“Screening for psychosocial distress is now mandated, but there’s little research to suggest how we could be using these distress ratings to encourage referrals to support services,” explained Savannah Geske, PhD, of Saint Luke’s Health System, in a presentation at the APOS meeting.7 “So in 2016, we initiated our own distress thermometer and tracking system.”

Savannah Geske, PhD

Savannah Geske, PhD

Dr. Geske’s group began by designing its own distress thermometer that asked patients to rate a variety of issues—psychological, social, spiritual, nutritional—based on a scale of 1 to 10. While many of the same elements as used in the NCCN Distress Thermometer are included in the St. Luke’s version, the latter is “more stringent than the NCCN Guidelines,” Dr. Geske noted. “[At the time], the NCCN Guidelines [were] more open-ended; they [suggested] that distress be monitored at pivotal times in treatment. That’s kind of hard to define.... We wanted to have a [more] clear structure, so we decided that our patients would get a distress thermometer assessment at every clinic visit.”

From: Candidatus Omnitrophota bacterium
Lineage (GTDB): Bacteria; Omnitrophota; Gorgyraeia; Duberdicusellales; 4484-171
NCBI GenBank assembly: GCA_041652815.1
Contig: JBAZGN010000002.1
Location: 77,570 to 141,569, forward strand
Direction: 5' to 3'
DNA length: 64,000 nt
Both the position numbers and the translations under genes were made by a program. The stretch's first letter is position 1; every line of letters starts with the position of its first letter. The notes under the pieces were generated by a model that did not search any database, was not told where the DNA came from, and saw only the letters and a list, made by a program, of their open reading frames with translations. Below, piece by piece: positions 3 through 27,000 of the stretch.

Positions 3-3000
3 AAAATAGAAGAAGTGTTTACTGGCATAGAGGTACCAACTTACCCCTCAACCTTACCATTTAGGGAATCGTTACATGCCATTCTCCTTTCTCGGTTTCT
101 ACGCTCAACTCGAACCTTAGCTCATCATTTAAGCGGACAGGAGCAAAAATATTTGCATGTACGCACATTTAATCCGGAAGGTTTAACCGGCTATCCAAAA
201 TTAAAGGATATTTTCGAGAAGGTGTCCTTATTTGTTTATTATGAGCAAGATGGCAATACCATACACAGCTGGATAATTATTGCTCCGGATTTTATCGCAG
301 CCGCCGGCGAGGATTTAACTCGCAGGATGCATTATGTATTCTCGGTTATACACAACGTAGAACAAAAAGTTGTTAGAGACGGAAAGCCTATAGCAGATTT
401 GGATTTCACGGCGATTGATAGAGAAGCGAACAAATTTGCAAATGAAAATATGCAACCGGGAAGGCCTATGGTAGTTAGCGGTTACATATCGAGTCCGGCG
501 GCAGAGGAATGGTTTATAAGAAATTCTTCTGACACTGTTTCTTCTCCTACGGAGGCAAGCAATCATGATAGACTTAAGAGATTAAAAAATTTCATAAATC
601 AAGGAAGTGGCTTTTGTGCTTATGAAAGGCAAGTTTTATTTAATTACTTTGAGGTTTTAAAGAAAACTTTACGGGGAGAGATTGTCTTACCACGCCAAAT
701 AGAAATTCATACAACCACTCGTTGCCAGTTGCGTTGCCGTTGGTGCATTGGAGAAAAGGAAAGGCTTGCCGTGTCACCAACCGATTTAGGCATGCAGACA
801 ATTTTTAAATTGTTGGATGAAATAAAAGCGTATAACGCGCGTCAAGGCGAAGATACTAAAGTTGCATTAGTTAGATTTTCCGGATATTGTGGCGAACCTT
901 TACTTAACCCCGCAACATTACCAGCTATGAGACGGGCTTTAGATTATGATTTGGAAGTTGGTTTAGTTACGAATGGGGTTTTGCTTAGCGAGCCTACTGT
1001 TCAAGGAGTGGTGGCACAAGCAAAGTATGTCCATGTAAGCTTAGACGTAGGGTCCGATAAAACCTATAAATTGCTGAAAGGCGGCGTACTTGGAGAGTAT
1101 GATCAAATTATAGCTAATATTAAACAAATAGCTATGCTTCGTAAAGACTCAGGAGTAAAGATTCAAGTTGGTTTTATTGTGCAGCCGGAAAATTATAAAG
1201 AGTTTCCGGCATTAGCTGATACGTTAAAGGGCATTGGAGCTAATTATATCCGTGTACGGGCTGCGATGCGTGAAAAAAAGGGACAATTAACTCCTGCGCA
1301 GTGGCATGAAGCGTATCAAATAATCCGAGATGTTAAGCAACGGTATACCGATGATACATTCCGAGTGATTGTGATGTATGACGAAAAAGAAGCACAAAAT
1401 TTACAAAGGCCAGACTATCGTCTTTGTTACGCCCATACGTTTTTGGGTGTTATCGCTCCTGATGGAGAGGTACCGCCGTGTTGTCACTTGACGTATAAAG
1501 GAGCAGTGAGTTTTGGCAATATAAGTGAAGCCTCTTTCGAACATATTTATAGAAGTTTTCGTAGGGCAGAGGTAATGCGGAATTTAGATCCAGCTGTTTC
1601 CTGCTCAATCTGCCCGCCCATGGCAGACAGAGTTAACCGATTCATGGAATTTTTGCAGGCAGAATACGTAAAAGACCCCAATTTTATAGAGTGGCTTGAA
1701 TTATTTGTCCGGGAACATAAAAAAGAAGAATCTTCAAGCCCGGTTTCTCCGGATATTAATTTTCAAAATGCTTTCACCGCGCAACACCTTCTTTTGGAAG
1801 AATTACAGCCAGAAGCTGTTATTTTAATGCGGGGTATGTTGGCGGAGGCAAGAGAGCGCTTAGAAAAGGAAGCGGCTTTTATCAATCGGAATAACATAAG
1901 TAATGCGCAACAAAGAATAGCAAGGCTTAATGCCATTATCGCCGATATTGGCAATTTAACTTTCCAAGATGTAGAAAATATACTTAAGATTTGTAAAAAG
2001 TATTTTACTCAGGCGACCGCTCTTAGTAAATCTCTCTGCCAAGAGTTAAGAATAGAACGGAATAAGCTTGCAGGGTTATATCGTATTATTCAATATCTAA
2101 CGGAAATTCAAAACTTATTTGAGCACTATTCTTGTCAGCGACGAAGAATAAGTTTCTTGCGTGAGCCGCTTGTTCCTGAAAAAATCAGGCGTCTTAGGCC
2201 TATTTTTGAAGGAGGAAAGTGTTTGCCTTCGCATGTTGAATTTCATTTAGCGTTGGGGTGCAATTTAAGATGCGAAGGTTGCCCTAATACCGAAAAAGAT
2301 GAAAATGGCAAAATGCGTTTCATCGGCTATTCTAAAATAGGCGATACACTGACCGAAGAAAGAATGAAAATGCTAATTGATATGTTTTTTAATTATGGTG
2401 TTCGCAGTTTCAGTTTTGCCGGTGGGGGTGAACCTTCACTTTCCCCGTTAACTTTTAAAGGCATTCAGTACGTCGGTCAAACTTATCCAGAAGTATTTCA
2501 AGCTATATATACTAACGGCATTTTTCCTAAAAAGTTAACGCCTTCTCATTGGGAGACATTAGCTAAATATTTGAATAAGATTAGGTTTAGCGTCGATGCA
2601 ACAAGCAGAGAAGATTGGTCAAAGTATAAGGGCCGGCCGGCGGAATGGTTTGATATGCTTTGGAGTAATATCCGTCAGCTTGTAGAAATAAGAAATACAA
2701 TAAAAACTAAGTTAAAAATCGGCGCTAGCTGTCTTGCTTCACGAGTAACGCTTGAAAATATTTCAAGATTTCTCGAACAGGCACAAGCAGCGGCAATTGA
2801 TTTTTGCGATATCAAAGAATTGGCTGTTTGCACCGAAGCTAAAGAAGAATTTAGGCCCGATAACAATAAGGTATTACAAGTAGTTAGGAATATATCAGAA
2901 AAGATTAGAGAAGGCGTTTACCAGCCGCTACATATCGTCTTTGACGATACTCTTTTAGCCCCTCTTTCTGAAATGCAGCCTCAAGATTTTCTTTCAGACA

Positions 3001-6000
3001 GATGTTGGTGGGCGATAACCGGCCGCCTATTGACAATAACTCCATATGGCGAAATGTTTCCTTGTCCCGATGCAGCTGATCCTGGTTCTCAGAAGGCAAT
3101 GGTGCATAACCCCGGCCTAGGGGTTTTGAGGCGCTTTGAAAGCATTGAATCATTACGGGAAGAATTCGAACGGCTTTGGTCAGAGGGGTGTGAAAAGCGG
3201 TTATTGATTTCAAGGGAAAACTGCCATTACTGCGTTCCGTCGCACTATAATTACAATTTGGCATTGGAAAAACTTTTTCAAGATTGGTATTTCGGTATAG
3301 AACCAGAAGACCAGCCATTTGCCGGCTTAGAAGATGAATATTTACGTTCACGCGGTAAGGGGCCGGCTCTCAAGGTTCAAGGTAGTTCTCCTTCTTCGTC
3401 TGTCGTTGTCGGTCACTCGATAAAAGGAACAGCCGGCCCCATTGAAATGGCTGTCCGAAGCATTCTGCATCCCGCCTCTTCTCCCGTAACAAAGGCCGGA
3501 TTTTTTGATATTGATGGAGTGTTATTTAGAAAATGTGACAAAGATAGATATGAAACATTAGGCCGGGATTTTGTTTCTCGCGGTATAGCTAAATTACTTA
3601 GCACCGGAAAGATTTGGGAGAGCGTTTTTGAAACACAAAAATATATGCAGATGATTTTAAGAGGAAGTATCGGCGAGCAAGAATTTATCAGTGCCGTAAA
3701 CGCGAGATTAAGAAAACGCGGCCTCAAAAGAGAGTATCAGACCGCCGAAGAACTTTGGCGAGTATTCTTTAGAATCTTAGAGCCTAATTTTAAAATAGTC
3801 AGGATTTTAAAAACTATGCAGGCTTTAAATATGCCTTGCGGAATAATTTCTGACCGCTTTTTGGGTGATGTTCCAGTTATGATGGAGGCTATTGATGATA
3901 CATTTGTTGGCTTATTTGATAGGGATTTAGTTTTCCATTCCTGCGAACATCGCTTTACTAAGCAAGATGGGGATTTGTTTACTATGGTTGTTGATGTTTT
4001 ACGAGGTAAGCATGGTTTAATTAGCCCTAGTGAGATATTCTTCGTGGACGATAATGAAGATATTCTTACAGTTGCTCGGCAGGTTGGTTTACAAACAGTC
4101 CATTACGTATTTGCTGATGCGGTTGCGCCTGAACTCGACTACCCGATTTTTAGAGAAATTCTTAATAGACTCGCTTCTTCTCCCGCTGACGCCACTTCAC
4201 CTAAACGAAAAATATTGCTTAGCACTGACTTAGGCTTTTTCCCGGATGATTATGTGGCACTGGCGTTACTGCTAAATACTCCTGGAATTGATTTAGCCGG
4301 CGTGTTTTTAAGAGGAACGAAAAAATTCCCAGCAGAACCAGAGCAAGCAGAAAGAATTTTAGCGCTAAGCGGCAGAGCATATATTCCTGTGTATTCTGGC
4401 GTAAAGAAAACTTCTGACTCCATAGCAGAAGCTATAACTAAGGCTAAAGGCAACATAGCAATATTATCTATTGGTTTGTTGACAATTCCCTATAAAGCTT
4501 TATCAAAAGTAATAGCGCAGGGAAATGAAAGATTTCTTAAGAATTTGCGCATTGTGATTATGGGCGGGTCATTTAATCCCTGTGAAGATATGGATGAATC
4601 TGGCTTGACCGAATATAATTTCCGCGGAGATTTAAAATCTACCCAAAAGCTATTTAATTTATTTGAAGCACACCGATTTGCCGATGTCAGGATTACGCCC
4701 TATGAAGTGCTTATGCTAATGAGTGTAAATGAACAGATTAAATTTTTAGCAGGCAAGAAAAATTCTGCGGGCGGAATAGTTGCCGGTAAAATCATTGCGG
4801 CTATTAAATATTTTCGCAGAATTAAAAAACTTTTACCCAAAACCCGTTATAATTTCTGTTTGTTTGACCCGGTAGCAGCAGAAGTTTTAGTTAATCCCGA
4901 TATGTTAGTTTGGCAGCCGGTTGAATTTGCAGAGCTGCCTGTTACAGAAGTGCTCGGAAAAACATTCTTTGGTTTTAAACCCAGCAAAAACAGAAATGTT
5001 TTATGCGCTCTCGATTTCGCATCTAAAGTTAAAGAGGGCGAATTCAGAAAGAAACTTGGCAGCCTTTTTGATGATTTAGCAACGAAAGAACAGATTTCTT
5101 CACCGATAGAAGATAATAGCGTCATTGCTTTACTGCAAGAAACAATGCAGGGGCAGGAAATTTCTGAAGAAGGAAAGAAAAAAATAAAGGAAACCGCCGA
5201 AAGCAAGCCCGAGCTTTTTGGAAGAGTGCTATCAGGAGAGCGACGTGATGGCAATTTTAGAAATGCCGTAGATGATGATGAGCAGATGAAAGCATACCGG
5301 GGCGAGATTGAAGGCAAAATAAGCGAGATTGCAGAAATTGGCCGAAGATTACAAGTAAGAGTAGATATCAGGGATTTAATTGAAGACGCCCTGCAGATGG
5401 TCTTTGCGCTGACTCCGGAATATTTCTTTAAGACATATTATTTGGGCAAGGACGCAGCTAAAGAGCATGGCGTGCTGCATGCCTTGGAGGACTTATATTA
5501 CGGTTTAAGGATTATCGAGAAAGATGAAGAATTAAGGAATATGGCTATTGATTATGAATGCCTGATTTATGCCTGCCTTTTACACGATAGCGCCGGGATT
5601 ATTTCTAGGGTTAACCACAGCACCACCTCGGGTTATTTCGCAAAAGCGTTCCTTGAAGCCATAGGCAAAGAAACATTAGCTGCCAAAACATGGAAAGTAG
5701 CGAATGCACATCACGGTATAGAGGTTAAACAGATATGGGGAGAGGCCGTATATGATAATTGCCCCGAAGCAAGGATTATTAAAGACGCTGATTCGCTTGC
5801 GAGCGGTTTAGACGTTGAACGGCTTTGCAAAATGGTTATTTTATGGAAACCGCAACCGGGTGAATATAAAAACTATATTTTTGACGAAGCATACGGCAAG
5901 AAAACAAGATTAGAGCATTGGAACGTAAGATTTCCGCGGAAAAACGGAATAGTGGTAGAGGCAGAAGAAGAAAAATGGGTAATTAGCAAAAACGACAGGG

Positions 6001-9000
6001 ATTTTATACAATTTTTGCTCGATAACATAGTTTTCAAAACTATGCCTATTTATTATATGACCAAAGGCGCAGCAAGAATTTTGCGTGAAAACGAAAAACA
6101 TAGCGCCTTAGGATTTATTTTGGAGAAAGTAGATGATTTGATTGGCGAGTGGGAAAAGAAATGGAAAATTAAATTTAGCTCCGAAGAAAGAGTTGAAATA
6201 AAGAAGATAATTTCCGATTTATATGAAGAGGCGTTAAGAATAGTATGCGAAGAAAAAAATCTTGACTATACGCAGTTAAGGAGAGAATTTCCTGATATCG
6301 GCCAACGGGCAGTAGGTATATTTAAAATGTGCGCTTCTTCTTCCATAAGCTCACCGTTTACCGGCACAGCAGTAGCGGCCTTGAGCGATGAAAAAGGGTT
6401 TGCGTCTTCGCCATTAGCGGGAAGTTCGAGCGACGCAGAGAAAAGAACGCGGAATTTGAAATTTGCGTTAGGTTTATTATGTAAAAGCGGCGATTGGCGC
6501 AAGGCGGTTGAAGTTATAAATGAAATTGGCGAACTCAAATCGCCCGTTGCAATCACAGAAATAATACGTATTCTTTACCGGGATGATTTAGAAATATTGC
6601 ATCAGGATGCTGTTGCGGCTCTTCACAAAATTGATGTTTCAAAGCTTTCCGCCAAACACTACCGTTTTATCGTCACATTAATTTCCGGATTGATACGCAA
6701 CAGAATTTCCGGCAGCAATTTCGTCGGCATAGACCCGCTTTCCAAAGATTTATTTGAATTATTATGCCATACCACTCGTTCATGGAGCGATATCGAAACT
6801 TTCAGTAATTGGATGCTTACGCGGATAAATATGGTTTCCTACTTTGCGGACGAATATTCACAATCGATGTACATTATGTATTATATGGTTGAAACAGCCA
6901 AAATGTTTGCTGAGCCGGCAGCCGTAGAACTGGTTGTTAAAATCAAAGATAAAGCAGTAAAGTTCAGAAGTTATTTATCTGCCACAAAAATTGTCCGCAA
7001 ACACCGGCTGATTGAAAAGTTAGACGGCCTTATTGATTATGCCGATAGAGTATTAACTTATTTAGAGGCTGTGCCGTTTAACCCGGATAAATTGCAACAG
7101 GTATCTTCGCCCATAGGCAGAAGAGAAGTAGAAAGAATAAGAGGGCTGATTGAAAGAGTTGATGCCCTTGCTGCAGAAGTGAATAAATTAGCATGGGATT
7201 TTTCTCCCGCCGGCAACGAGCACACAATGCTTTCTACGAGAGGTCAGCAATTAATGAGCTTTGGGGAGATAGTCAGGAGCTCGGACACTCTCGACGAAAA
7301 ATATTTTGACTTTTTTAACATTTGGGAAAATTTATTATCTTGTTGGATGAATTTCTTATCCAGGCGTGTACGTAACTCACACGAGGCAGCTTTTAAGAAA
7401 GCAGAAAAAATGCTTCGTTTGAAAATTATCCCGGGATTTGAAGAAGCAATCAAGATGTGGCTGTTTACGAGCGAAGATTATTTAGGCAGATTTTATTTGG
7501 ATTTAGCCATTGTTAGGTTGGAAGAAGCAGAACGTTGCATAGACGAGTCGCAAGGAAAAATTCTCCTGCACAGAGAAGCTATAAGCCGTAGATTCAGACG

Starting in 2016, every patient completed a paper version of the distress thermometer assessment at every clinic visit, regardless of whether the appointment was with the surgeon, the oncologist, the nurse practitioner, or the radiation therapy department. In 2017, the distress thermometer was incorporated into the institute’s electronic health record system.